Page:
When Jacob Fiskel, aka Fish, is denied his dream job as a radio host, he makes it his life-long goal to rile up as many radio hosts as possible. Creator/director Curtis Johnson talks to us about his latest animation series Fish, a comedic interaction between the most unusual characters, his creative process and landing a spot on Amazon Prime.
You’ve merged comedy and animation. Which one of these would you consider yourself more of, an animator or comic?
I consider myself a storyteller who can tap into the comedic or serious tones of a plot regardless of format. The animation space is unique in that the voice-over artist is as important as the animator, so what you write becomes more of the focus. I would consider myself more of a comedic writer. The character animation was done by Juan Mont whose animation IMDB credits include Showtime’s Our Cartoon President.
What drew you to telling your story via animation?
We decided to tell Fish‘s story via animation because we felt that there was an underserved community of adult animation viewers who could better connect to Fish‘s story. With Fish being a middle-aged black American who experiences his share of rejection, many viewers gain access to his landscape as he engages with many different types of people. You learn that his insecurities are no different than anyone else’s. We are different, but all the same. Animation allows us to tell his story, unapologetically.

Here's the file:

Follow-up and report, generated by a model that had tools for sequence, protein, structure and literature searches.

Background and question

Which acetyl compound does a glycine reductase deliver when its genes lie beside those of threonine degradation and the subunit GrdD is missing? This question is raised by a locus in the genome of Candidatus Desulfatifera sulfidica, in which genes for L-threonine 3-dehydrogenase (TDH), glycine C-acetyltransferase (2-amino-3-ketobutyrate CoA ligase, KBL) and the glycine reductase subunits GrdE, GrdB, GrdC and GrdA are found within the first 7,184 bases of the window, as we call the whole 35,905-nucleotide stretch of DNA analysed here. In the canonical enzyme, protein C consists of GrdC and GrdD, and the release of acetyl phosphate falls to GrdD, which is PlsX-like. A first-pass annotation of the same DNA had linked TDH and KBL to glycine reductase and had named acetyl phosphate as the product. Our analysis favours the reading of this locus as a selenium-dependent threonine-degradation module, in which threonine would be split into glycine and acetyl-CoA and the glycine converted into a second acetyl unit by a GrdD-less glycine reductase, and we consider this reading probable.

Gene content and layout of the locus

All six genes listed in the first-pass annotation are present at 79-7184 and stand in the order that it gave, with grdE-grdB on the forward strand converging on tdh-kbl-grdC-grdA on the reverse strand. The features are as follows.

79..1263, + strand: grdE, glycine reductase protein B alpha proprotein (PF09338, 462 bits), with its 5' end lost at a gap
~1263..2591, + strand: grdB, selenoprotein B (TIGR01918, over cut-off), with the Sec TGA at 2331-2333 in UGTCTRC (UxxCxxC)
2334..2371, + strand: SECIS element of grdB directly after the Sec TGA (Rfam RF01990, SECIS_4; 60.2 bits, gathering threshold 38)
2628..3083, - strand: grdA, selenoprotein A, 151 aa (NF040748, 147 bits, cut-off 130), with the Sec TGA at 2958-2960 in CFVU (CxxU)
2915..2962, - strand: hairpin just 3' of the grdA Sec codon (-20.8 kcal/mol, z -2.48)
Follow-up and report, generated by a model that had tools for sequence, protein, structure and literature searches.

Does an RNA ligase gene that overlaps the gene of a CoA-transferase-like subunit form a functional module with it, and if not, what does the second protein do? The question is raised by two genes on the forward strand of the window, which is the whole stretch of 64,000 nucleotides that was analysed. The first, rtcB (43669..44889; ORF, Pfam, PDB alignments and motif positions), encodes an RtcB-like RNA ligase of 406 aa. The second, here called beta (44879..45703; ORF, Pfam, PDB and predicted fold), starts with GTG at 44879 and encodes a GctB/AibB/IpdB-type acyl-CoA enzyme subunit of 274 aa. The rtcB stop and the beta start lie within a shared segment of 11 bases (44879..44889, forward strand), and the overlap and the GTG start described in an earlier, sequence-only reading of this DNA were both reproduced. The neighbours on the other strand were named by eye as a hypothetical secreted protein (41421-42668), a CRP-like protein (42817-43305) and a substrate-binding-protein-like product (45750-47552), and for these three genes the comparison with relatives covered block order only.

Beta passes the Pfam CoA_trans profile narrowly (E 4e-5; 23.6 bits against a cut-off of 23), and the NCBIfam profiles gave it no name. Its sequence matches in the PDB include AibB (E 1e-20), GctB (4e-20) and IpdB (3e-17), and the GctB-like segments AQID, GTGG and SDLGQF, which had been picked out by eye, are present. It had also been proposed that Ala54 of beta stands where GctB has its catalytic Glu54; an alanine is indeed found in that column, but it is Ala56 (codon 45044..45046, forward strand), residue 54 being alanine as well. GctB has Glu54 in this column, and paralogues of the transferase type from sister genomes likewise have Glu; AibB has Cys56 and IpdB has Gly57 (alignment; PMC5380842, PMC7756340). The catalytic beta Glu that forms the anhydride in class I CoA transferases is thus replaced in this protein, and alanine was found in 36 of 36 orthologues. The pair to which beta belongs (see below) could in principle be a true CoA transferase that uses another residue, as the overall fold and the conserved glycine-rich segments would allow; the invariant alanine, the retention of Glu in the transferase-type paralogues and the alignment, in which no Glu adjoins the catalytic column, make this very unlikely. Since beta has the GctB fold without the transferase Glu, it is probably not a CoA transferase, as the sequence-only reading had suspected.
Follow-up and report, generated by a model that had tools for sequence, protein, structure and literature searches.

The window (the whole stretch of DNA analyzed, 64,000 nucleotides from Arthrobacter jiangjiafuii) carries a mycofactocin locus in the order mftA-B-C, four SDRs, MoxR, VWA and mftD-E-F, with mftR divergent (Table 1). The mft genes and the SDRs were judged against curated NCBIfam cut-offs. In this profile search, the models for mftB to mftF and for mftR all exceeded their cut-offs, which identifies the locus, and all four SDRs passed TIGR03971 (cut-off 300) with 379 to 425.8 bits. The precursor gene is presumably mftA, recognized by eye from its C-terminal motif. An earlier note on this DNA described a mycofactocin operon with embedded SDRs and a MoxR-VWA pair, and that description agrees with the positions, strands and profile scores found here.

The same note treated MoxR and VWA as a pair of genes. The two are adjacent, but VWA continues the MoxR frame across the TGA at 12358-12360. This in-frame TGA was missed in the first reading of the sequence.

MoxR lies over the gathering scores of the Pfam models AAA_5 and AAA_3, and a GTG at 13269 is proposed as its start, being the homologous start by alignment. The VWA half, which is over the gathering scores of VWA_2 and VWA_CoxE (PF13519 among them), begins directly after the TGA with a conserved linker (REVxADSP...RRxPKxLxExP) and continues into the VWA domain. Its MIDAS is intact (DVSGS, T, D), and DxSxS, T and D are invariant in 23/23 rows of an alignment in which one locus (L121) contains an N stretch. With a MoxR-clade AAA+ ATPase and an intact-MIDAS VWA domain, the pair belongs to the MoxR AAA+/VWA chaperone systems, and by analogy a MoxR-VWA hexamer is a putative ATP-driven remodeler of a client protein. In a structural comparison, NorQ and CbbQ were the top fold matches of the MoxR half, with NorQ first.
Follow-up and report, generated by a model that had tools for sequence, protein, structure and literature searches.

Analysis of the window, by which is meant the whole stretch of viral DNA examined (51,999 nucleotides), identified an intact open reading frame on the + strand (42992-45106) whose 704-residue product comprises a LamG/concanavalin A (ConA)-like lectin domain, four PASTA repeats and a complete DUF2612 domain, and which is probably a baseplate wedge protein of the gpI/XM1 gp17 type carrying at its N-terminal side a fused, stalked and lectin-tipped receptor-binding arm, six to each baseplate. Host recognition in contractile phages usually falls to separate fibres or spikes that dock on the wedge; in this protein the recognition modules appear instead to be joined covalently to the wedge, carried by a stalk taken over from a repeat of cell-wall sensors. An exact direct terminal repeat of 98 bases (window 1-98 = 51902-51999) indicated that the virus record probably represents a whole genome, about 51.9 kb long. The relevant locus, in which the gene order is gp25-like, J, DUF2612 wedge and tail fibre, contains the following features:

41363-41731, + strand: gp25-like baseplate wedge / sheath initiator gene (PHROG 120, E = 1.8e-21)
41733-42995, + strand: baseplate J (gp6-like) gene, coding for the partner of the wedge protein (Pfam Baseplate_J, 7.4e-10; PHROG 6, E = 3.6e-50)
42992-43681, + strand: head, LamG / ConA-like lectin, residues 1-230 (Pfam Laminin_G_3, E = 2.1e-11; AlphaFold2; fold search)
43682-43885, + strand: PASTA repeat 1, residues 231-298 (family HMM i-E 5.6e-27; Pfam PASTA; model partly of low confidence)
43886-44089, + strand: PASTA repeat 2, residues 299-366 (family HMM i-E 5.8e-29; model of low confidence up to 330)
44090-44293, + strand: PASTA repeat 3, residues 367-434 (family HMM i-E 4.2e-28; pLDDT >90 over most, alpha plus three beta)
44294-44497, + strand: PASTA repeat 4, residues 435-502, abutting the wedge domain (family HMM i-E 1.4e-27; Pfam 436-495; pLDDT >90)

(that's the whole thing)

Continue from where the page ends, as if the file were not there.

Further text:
How did you come up with the plot of Fish? Does your comedy in it just want to have a laugh or explore certain themes?
It was a concept that I consciously created with the initial idea of Fish as an antagonist, and vindictive middle-aged character who seeks revenge on unsuspecting radio show hosts. As the storyline developed and the characters came to life, the idea of Fish as the bad guy changed. I begin to see Fish as someone who people could root for with flaws of course.
Fish is nothing more than a bunch of frames sequenced together. At the end of it all, was it funny, and did it have a purpose! In our comedy, we look to have an underlining goal. It’s not just about connecting the joke but connecting the experience.
Which series and characters are you inspired by?
I am inspired by Bob’s Burgers and all the characters associated with the show. The thing I like most about the writing is that they tell the story anyway. Like what should be difficult to tell, they find a way to tell it anyway. That is inspiring.
Tell us a little more about your creative process, from ideation to the screen.
My creative process is simple. Once the thought is manifested and I convince myself that there is at least a 10% chance that is probable, I document the thought. This usually ends up being the first 1-2 pages of the script. From there I usually present the idea to my partners Trenell Blanks and Bobby Robinson at Dogs Den Films to get a temperature. If it passes the sniff test, then I am able to formulate an outline and move through creating the first script draft. All I can say is that it takes a team to go from script to screen!
Can you share any details of how you pitched to Amazon Prime and got selected?
Our first feature was distributed by a major film distributor, which made it impossible to directly connect to the end-user. We wanted to have better control of this process so we decided to distribute using an independent aggregator. The aggregator has a direct relationship with many platforms (Hulu, Netflix, Amazon, iTunes etc), and for a cost submit your product for distribution. Remember your product must still meet the delivery standards.
What would you tell aspiring animators who want to make their own series?
Cheap stuff works, but the good stuff lasts. Make good stuff.
Fish is scheduled for release on Amazon and iTunes February 5, 2021.